What fish are safe to eat?

By | May 6, 2012

What fish are safe to eatThere is a lot of confusion about eating fish. Should we eat it or shouldn’t we? Well, the good thing about fish is that they are rich in many vitamins and minerals that we need, particularly Omega-3 oils, which are vital to good health and hard to get in a standard diet. The thing to really beware of is what fish brings along with it, particularly mercury. Mercury is not good for us and in large enough amounts, can cause serious health issues. So, what do you do – avoid fish or eat fish? Well, the answer is yes. You should really try hard to avoid certain fish and you should try hard to get other fish into your diet. Hopefully, the rest of this article will help you understand which fish are safe and which ones are not as safe to eat. Be sure to pay attention to how often the fish in each category should be eaten. Certain fish should be avoided all the time, some fish should not be eaten very frequently, and certain fish should be eaten frequently.

Note: Guidelines have been released on the amount of fish children and pregnant women should eat. Before getting into a fish diet, research this if either applies to you or those for whom you cook and consult your healthcare provider.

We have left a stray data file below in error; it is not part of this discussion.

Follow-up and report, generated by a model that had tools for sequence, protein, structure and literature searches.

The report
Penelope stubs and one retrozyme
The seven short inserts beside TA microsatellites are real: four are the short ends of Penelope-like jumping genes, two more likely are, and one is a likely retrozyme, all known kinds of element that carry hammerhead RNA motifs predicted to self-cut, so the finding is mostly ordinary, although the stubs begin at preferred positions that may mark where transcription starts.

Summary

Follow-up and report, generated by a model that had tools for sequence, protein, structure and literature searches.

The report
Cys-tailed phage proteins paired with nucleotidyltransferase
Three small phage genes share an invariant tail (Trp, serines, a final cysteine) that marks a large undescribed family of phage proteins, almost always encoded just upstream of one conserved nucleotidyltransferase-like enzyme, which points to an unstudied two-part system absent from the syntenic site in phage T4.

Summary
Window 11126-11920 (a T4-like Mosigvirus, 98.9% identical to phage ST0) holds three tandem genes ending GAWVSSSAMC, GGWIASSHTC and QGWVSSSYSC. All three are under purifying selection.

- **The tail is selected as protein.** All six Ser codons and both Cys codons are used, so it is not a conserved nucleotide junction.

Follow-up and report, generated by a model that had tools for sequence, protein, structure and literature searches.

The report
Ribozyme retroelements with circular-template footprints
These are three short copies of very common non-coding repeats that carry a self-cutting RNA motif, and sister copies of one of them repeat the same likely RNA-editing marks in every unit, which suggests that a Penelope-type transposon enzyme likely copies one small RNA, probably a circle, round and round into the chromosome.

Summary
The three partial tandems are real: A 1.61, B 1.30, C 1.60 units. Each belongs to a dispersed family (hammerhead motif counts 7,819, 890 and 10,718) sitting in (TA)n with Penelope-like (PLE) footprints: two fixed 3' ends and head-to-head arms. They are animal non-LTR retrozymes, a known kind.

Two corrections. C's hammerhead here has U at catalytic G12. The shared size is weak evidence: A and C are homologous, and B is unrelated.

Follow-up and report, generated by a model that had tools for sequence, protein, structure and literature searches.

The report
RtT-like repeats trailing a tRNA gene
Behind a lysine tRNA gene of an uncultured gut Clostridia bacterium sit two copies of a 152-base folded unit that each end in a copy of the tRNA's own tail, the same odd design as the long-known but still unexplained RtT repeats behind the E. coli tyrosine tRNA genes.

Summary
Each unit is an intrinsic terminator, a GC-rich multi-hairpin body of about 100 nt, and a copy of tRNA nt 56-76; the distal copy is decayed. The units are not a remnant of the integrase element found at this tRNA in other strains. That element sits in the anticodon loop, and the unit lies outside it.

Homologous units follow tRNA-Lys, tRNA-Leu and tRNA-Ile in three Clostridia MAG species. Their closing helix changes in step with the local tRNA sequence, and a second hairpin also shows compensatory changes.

Fish with Highest Mercury

AVOID Eating

  • Mackerel (king)
  • Marlin
  • Orange roughy
  • Shark
  • Swordfish
  • Tilefish
  • Tuna (bigeye, Ahi)

Fish with High Mercury

Eat no more than three 6-oz servings each month

  • Bluefish
  • Grouper
  • Mackeral (Spanish, Gulf)
  • Sea Bass (Chilean)
  • Tuna (canned, white albacore)
  • Tuna (Yellowfin)

Fish with Lower Mercury

Eat no more than six 6-oz servings each month

  • Bass ( Striped, Black)
  • Carp
  • Cod (Alaskan)
  • Croaker (White Pacific)
  • Halibut (Pacific and Atlantic)
  • Jacksmelt (Silverside)
  • Lobster
  • Mahi Mahi
  • Monkfish
  • Perch (freshwater)
  • Sablefish
  • Skate
  • Snapper
  • Sea Trout (Weakfish)
  • Tuna (canned, chunk light)
  • Tuna (Skipjack)

Fish with Lowest Mercury

Eat two 6-oz servings each week

  • Anchovies
  • Butterfish
  • Catfish
  • Clam
  • Crab (domestic)
  • Crawfish/crayfish
  • Croaker
  • Flounder
  • Haddock
  • Hake
  • Herring
  • Mackeral (North Atlantic, Chub)
  • Mullet
  • Oysters
  • Perch (ocean)
  • Plaice
  • Salmon (canned, fresh – pink, coho, sockeye, chum, and king (Chinook))
  • Sardines
  • Scallops
  • Shad (American)
  • Shrimp
  • Sole
  • Squid (Calamari)
  • Tilapia
  • Trout (freshwater)
  • Whitefish
  • Whiting


Data obtained through the FDA and the EPA.

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